Patients go to hospitals to take their pain away, to have their broken bones healed, to have their injuries diagnosed, to have their elective surgeries, and to give birth to their bouncing new babies.
And even though this care is provided to address their needs and pains and injuries, how many patients feel that they’re being cared for as a person has little to do with the healthcare. Instead, it has all to do with the customer service that the patient receives. Yes, the phlebotomist is drawing the blood, but is the employee so focused on the vein that they don’t interact with the person from whom they’re drawing the blood? Yes, the surgeon is about to perform surgery, but is the wait so long and the communication so lacking during the wait that the patient feels like she’s been forgotten? Yes, the emergency room staff will eventually care for the injury, but are they so focused on tasks and activities and paperwork that the patient feels like a cog on the assembly line?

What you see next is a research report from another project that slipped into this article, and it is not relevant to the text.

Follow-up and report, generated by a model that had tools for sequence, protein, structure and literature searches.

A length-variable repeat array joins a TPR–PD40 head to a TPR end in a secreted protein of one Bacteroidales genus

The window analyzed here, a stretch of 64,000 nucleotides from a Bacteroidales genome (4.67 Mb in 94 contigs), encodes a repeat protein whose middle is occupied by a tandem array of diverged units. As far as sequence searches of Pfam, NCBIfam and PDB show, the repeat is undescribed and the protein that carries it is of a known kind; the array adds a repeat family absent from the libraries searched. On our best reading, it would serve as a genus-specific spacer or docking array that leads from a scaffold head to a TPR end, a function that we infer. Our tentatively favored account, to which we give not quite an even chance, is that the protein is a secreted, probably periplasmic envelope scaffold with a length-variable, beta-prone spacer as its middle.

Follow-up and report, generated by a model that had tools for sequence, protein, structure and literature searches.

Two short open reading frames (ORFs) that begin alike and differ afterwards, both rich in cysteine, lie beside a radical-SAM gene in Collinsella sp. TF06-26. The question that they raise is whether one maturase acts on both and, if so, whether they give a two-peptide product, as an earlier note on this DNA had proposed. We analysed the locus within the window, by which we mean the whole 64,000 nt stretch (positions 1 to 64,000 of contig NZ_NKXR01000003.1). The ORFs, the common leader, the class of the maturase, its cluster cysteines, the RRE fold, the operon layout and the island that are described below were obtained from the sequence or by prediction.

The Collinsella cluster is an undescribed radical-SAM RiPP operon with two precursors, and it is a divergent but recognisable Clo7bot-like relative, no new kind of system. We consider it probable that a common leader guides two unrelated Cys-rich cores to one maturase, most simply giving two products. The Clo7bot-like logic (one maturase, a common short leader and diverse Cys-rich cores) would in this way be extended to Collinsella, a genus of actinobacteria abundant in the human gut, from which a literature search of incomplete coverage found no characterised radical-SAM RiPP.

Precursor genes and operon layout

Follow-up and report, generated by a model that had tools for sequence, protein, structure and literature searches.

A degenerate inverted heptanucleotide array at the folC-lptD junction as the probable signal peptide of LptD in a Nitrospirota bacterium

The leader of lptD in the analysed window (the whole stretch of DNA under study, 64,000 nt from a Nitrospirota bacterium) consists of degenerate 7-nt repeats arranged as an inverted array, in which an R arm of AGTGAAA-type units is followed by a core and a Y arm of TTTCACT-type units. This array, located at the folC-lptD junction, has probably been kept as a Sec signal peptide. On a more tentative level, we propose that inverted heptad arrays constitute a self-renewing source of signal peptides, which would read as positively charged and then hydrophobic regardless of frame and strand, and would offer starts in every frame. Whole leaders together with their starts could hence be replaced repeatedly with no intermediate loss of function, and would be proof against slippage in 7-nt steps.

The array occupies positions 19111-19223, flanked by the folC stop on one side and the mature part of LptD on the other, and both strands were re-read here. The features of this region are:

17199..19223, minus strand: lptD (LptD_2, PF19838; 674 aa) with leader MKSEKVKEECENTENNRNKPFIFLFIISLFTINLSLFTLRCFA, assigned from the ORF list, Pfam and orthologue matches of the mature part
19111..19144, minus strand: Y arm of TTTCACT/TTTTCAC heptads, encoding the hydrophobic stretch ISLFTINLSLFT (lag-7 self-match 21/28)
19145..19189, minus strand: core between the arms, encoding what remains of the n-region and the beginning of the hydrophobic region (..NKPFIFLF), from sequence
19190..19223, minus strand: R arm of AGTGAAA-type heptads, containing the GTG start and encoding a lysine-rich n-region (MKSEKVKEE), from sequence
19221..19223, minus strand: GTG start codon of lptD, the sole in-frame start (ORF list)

Patients go to hospitals for the healthcare, but they often choose a particular hospital because of the customer service. Do the employees greet and focus on the patient? Are they patient with the patient? Do they take ownership over needs and treat the patient with courtesy and respect? Do they try to find solutions to problems, or do they simply get defensive or blame co-workers when issues arise? Are they quick in responding to the call bell or the phone call? Do they explain what will happen next and why? Are they empathetic and caring when they perform their services?
The hospital’s product is the healthcare, but the patient’s point of reference in determining how they’re cared for as a person is all about how they’re communicated with, how they’re treated, and what the processes are like. It’s about customer service.
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